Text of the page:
|Publication number||US20030031055 A1|
|Application number||US 10/205,700|
|Publication date||Feb 13, 2003|
|Filing date||Jul 26, 2002|
|Priority date||Dec 17, 1999|
|Also published as||US6272047, US6384447, US6434045, US6445619, US6445620, US6449189, US6577537, US6587376, US20010043490, US20010055224, US20020001228, US20020001232, US20020031010, US20030053338|
|Publication number||10205700, 205700, US 2003/0031055 A1, US 2003/031055 A1, US 20030031055 A1, US 20030031055A1, US 2003031055 A1, US 2003031055A1, US-A1-20030031055, US-A1-2003031055, US2003/0031055A1, US2003/031055A1, US20030031055 A1, US20030031055A1, US2003031055 A1, US2003031055A1|
|Inventors||Andrei Mihnea, Paul Rudeck, Chun Chen|
|Original Assignee||Micron Technology, Inc.|
|Export Citation||BiBTeX, EndNote, RefMan|
|Referenced by (4), Classifications (4), Legal Events (4)|
|External Links: USPTO, USPTO Assignment, Espacenet|
 This application is a Continuation of U.S. application Ser. No. 09/876,674, filed Jun. 7, 2001, which is a Divisional of U.S. application Ser. No. 09/466,269, filed Dec. 17, 1999 now U.S. Pat. No. 6,272,047.
 This invention relates to nonvolatile memories, and more specifically to flash electrically erasable programmable memory (EEPROM) devices.
 The standard programming method, hot channel electron injection, for a flash EEPROM cell requires a cell current on the order of 200-500 micro-amperes. A high cell current is required due to the poor efficiency of the injection mechanism and makes simultaneous programming of a large number of cells in a flash memory array impractical. The unmet need for fast and controllable programming of a flash cell using a low current has long been recognized by many workers in the field.
 Yeh, in U.S. Pat. No. 5,029,130, describes a method for high efficiency programming using source-side hot electron injection with a cell current of about 1 micro-ampere. Yeh's method allows simultaneous programming, in a time of between 0.1 milliseconds and 10 milliseconds, of all cells on a row of a memory array to an arbitrary pattern (page write). However, a larger cell size is required to accommodate source-side injection, and the larger cell size increases the complexity of the fabrication process over that which is required in the fabrication of the standard flash EEPROM.
 Haddad, in U.S. Pat. No. 5,491,657, describes a programming method using the band-to-band generated current of the drain-to-substrate junction. In general, Haddad's method applies to a cell with a structure similar to the standard flash EEPROM. However, Haddad's cell array is placed inside a triple well (P well surrounded by N well). Haddad also describes programming a cell in between 1 and 100 milliseconds with a cell current of below 1 micro-ampere. This allows simultaneous programming of a plurality of cells in a memory array. However, since Haddad's method requires different gate voltage conditions for the 0 state versus the 1 state, programming of all cells on a row of the memory array to an arbitrary pattern (page write) is not possible. In addition, in a selective data write operation, the band-to-band tunneling process generates both electrons and holes that could be injected with high efficiency into the floating gate, which would disturb the data stored at unselected locations (on selected column and unselected rows) in the memory array. This makes the method inapplicable to the user-mode write function found in a standard device, and useful only in test modes for simultaneous writing of specialized symmetrical patterns of data to an entire memory array or block.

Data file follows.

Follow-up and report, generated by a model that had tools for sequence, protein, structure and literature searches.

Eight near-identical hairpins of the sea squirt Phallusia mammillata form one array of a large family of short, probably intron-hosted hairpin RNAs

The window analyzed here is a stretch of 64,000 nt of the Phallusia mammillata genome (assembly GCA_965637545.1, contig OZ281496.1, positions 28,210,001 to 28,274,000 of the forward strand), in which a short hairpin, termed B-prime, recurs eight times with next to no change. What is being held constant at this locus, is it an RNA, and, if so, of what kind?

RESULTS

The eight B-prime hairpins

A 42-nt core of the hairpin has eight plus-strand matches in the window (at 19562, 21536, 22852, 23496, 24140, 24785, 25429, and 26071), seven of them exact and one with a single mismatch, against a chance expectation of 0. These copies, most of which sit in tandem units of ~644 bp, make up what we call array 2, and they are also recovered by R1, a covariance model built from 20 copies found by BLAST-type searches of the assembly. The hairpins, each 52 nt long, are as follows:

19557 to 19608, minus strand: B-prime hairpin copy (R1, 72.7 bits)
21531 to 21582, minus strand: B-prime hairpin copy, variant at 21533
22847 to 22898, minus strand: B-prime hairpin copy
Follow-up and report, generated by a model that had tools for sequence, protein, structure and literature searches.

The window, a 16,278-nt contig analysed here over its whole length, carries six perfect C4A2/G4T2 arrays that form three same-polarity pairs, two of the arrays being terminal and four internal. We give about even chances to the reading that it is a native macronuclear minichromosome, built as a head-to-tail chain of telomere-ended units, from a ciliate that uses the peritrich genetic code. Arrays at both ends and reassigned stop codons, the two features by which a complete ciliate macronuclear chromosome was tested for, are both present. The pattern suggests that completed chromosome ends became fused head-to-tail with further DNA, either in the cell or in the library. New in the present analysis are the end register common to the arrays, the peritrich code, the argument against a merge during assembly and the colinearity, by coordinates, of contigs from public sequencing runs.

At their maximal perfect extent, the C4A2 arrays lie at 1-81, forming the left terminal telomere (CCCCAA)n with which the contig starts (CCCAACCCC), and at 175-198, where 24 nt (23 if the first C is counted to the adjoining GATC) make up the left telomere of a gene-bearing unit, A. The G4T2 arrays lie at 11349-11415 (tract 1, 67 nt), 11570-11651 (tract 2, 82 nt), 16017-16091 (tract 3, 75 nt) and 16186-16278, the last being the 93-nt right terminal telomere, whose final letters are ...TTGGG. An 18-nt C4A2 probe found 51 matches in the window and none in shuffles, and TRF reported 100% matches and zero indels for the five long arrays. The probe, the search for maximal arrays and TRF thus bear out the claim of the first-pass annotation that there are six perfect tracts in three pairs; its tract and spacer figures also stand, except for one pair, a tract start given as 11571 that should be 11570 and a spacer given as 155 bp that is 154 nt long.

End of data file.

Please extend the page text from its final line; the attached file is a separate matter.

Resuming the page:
Chen describes a cell structure and biasing method that may allow the band-to-band generated current in a flash memory cell to be selectively turned on and off at specific locations in a memory array, thus making this low current programming mechanism applicable to the standard user-mode write functions. I. C. Chen et al., Band-to-band tunneling induced substrate hot-electron (BISHE) injection: A new programming mechanism for nonvolatile memory devices, 1989 International Electron Devices Meeting Technical Digest—International Electron Devices Meeting, 263-266 (1989). However, the cell structure described by Chen uses a large area, a relatively thick programming dielectric (SiO2) layer, and a large bias voltage, which makes the cell structure unsuitable for use as a replacement for the flash EEPROM devices in use today. Chen's description is limited to the physical programming mechanism, and does not describe the operation of the proposed cell in performing other functions, such as electrical erase, read 1 (erase state) and a particular type of write disturb present in such a memory array, which will be described below. Proper operation in all these functions is required in a flash EEPROM device and will be demonstrated for the cell proposed in this invention.